A small trial is being conducted to see if small implants filled with insulin-producing stem cells could regulate blood sugar among people with type 1 diabetes.
Researchers at the University of Alberta, Canada have recruited 17 patients for the trial, which is the world’s first to study this innovative new treatment.
Participants will have small plastic pouches containing millions of insulin-producing cells implanted under their skin. Once blood vessels grow around the implants, this should allow the stem cells to release insulin based on the patient’s blood glucose levels.
Studies have shown the technology to be effective in mouse models of type 1 diabetes. This trial will evaluate whether it is safe for use in humans.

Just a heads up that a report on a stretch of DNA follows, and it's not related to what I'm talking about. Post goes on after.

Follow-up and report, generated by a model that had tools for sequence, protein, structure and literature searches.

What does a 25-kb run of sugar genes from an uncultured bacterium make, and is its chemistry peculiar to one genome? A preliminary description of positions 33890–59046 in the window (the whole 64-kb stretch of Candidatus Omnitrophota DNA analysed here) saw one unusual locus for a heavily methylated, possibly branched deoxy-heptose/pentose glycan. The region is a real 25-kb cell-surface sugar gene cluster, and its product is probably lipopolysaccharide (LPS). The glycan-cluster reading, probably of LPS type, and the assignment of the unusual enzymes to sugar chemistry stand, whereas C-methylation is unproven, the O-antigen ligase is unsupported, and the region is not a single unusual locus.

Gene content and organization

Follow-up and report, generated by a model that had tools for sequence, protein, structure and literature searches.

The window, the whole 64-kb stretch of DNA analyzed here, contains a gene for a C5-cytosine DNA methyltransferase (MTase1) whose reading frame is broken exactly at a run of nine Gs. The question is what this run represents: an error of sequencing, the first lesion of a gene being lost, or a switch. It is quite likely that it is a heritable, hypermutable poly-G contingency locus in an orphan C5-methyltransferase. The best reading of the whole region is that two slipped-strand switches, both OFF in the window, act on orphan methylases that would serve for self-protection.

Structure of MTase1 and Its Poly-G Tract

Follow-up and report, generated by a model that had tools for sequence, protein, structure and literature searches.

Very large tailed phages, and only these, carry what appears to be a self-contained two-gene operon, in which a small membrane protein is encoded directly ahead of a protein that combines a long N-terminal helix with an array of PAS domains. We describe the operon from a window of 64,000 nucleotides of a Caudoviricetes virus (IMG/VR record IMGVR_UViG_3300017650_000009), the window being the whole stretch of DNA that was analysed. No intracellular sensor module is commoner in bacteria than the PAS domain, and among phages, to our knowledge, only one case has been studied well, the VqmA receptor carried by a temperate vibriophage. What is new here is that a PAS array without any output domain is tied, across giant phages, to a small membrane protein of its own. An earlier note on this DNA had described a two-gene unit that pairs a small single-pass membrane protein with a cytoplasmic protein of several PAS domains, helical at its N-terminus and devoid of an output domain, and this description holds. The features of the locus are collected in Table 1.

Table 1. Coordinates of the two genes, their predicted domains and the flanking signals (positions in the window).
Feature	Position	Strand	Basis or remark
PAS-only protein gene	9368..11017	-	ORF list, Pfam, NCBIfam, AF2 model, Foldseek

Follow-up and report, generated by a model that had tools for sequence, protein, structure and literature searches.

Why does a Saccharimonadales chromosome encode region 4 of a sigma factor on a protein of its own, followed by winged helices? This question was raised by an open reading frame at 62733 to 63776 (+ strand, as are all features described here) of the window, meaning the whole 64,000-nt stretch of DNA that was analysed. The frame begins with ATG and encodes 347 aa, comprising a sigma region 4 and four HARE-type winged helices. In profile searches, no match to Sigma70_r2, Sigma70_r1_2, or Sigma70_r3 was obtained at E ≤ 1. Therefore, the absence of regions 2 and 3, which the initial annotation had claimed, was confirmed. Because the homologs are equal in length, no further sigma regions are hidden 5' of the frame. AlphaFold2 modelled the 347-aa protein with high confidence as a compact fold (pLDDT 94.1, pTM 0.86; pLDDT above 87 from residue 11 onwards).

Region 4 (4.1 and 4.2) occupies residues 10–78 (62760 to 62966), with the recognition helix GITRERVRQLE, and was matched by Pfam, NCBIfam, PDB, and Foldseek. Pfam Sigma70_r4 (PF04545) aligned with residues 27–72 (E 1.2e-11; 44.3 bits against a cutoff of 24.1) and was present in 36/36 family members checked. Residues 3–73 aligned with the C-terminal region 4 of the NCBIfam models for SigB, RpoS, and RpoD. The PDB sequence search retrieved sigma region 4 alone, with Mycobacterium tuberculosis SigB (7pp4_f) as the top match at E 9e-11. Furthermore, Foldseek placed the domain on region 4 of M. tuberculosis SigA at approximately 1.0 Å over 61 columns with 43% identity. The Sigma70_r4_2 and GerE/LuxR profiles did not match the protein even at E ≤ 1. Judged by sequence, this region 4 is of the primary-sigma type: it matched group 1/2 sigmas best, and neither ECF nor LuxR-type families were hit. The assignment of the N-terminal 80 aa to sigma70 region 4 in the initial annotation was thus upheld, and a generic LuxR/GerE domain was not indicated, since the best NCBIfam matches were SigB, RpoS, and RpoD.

“So far it’s been very safe and it looks like it’s working the way we hoped it would,” study author Dr. James Shapiro told CTV News.
The research is at a very early stage, with results expected from the trial within the next two years, but one doctor has called the early indicators “terribly exciting”.
Meanwhile, Jan Hux, chief science officer of the Canadian Diabetes Association (CDA), has urged caution regarding the technology.
“Many technologies that look very promising in a mouse or a rat model don’t translate to the human sector,” said Hux.

“So while this is extremely promising, we can’t be sure that this particular membrane and particular cell strain will be the solution.”
Meanwhile, in the UK, a separate type 1 diabetes trial is recruiting participants for a small trial which will investigate whether an immunotherapy treatment could stop the progression of type 1 diabetes.

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